For Immediate Release
RENOWNED JEFFERSON IMPERSONATOR TO PORTRAY
JOHN WESLEY POWELL
Jenkinson performance to close 2006 State of the Rockies conference
COLORADO SPRINGS, Colo. – March 28, 2006 – Clay Jenkinson, cultural commentator, author and first-person impersonator, will appear in character as John Wesley Powell and offer contemporary comments on Powell’s reactions to the challenges facing today’s Rocky Mountain region at 5 p.m. Thursday, April 13 in Armstrong Theatre, located on the first floor of Armstrong Hall, 14 E. Cache La Poudre St.
The performance will wrap up the 2006 State of the Rockies Conference and is free and open to the public.
Jenkinson is considered the finest example of first-person historical interpretation in the nation and is best known for his recreation of Thomas Jefferson on the National Public Radio broadcast of the “Thomas Jefferson Hour.” His performances as Jefferson have won him multiple awards, including the prestigious Charles Frankel Prize, the National Endowment for the Humanities highest award.
John Wesley Powell was the one-armed Civil War veteran who explored the Colorado River in 1869, covering almost 1,000 miles with four boats and nine companions. His expedition led him to advocate a new way of mapping, settling and farming the land west of the 100th meridian. Powell, known as the father of the concept of bioregionalism in America, studied Native American languages and cultures and called for justice in the treatment of native tribes by the United States government.
In addition to portraying Powell and Jefferson, Jenkinson also has developed interpretations of Meriwether Lewis, Hamlin Garland, John Calvin, Jonathan Swift, J. Robert Oppenheimer and Jean-Jacques Rousseau.
Jenkinson’s performance comes at the end of the four-day State of the
Rockies Conference, which runs April 10-13, and features panels, discussions,
and keynote speakers.
In addition to Jenkinson, other speakers include Bruce Runnels, vice president of the Rocky Mountain division of the Nature Conservancy; Joanna Prukop, cabinet secretary of the New Mexico Department of Energy, Minerals, and Natural Resources; Bill Snape III, a member of the U.S. President's Trade and Environmental Policy Committee, environmental lawyer, former vice president and chief counsel of Defenders of Wildlife, and chair of the board of the Endangered Species Coalition; John Schiffer, rancher and Wyoming state senator; Daniel Kemmis, director of the Center for the Rocky Mountain West at the University of Montana; Jean Belille, a member of the Winnebago Tribe of Nebraska and an environmental protection specialist with the Environmental Justice Program at the EPA's Denver office; and Sandy Buffet, executive director of the Conservation Voters of New Mexico.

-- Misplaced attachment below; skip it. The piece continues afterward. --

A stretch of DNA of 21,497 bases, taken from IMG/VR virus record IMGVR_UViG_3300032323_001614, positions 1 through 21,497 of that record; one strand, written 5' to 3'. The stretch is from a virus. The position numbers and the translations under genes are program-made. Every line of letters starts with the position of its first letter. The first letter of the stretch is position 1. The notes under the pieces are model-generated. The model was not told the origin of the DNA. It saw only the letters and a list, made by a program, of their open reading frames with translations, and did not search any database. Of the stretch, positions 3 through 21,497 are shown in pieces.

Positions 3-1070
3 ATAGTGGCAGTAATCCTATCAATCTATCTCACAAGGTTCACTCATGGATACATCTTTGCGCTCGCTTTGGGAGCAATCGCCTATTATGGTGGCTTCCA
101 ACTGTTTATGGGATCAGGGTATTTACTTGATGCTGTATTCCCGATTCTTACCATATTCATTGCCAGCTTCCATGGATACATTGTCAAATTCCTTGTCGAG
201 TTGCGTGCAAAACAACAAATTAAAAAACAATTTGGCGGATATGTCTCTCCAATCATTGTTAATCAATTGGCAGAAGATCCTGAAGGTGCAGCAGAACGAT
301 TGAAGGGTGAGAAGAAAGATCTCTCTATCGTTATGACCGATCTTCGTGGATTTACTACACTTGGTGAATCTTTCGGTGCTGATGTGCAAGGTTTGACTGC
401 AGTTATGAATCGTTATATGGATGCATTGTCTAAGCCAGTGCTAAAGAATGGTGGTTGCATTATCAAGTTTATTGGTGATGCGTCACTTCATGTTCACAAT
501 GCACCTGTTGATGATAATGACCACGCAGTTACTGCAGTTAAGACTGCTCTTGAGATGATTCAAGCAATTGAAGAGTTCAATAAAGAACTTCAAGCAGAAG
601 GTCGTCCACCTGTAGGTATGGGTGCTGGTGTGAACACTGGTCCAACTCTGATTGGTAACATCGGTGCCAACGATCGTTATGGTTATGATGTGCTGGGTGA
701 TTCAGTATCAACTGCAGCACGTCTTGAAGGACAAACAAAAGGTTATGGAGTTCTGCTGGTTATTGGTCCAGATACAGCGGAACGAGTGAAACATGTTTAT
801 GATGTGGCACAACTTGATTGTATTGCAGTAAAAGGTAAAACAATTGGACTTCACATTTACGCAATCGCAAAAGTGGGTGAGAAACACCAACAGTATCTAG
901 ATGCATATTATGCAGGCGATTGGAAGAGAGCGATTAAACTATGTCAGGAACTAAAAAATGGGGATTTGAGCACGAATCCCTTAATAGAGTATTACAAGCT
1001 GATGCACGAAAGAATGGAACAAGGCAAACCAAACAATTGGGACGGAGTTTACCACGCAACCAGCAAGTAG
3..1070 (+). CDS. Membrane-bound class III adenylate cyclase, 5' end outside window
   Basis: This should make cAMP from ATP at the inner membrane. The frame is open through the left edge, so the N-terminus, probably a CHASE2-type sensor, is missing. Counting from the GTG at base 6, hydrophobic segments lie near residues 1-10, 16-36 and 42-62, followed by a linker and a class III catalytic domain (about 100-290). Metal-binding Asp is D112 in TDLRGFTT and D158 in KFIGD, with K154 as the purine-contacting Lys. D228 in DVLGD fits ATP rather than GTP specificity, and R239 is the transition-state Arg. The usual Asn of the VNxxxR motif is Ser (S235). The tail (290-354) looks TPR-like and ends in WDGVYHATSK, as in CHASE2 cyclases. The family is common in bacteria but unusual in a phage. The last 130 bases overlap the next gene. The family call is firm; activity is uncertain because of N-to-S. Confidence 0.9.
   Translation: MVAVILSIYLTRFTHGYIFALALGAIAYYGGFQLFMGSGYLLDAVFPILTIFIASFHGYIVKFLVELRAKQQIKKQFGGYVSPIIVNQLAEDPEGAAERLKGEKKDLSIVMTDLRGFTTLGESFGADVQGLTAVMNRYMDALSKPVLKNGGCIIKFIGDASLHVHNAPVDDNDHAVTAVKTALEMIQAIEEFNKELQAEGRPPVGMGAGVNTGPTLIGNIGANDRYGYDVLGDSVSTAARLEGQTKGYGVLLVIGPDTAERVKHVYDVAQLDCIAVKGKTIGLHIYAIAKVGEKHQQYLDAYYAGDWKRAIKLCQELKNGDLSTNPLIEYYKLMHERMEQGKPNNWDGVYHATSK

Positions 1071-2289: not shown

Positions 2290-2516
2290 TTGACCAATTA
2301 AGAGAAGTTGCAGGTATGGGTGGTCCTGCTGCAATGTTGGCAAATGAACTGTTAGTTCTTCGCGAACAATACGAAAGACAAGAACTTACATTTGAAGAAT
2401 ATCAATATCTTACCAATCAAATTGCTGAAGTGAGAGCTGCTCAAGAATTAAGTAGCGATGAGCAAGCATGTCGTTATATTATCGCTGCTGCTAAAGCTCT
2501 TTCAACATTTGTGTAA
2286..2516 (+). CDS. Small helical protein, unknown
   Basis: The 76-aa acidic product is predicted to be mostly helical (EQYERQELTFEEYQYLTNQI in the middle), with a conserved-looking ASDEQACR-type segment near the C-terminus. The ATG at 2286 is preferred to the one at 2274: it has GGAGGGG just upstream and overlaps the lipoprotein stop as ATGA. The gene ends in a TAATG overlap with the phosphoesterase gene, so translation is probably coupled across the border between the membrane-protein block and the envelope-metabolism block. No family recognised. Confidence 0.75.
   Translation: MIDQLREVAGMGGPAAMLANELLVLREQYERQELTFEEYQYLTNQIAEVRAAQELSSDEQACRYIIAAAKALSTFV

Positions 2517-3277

About the State of the Rockies Project
The Colorado College State of the Rockies Project is designed to provide a thoughtful, objective voice in regional issues by offering credible research on problems facing the Rocky Mountain West, and by convening citizens and experts to discuss the future of the region. Each year the project provides opportunities for collaborative student-faculty research partnerships, an annual State of the Rockies Report Card, and a companion State of the Rockies Conference. Taken together, these three arms of the Project offer the tools, forum, and accessibility needed for Colorado College to foster a strong sense of citizenship for its students, graduates and the broader regional community.
For information, directions or disability accommodation at the event, members of the public may call (719) 389-6607.
About Colorado College
Colorado College is a nationally prominent, four-year liberal arts and sciences college that was founded in Colorado Springs in 1874. The college operates on the innovative Block Plan, in which its 1,960 students study one course at a time in intensive 3½-week blocks. For more information, visit www.ColoradoCollege.edu <http://www.ColoradoCollege.edu>.
EDITOR’S NOTE: A digital photo of Jenkinson is available upon request.